I had a decent day at work today. Not spectacular. I’m not reaching for the Johnnie Walker or anything already, either. But
If you know you know but I’m guessing many or most don’t
I did what I do in March which is:
- Think all day about what to slice, and
- Think about what work to do after work, before baseball practice so I’m ready for tomorrow
I get to my grandparents’ for our Tuesday visit and the kids start to eat and I figure out who needs what help with what so I can settle in to today’s slice and then
I was raised to be devoted. And I am, in pretty much all things, to a fault. One of those things is my Chicago sports teams. It’s borderline sick and I know it but it’s part of my identity. My dad is not a tattoo guy and got his first one about 7 years ago – a Bears logo on his shoulder. So I got one too. And recently my 18 year old boy did. Edward Junior, the IIIrd and numero four all with Bears tats. We’re in. Big dedication. Like the Cubs were the team who could never win the big one until they finally did, the Bears have never, in history of ever, had a quarterback. They dangled a stud, Russel Wilson, in front of us the last week or so. Immediately without even playing a game he would become BY FAR the best we ever had.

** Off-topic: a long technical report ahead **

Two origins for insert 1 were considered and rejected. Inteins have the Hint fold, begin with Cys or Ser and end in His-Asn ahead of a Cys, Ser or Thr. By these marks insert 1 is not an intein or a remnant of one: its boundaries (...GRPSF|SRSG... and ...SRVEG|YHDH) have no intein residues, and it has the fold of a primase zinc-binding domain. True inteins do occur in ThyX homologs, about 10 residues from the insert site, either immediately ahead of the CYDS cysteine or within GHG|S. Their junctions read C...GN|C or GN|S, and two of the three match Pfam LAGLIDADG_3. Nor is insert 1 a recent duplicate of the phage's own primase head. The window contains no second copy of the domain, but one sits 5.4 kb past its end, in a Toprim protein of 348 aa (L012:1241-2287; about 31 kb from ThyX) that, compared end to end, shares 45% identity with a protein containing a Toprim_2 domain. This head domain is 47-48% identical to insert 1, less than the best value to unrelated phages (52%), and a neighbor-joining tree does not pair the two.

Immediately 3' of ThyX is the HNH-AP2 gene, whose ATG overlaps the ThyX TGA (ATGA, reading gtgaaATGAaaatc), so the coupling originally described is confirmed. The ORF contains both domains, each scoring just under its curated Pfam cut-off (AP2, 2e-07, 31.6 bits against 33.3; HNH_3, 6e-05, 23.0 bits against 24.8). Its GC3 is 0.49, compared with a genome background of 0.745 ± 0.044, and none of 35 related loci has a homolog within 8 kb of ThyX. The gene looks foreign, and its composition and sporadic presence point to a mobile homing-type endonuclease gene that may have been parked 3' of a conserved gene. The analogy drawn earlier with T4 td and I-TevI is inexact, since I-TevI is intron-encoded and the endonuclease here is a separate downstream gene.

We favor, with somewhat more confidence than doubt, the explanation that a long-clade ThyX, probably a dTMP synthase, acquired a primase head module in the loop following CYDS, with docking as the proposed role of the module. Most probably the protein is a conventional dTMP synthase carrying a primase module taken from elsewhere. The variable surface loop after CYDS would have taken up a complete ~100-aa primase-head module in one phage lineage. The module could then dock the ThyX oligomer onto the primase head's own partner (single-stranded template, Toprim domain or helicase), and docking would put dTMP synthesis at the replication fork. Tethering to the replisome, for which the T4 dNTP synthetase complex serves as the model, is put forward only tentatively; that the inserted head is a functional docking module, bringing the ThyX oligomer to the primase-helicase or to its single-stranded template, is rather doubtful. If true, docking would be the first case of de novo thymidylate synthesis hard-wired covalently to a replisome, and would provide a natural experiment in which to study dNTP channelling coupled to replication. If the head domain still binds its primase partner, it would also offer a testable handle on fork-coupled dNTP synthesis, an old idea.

Instead. Andy Dalton. If you don’t know football, or who Mr Dalton is? Context clues.
Hopefully we find out this is some front office shenanigans – tomorrow or next week we actually snag Russ and this guy is here as a backup.
But with even blind devotion comes knowledge. Awareness – even if tinged by hope. Until they prove they’re going to do it right, I have to know they won’t and wish I’m wrong.
I know non-football people probably tuned out long ago. I won’t continue this diatribe the rest of the month, promise. It’s just funny how, when we are obsessed with something, everything else can be blotted out instantly. And usually, the object of our obsession has not a care, or even any idea at all, how much their decisions can destroy us. Which is a huge reason why obsession is never a great choice. The thing is, as much as naysayers would say otherwise, obsession is just beyond the threshold where choice ends and identity begins for those with it embedded in our DNA.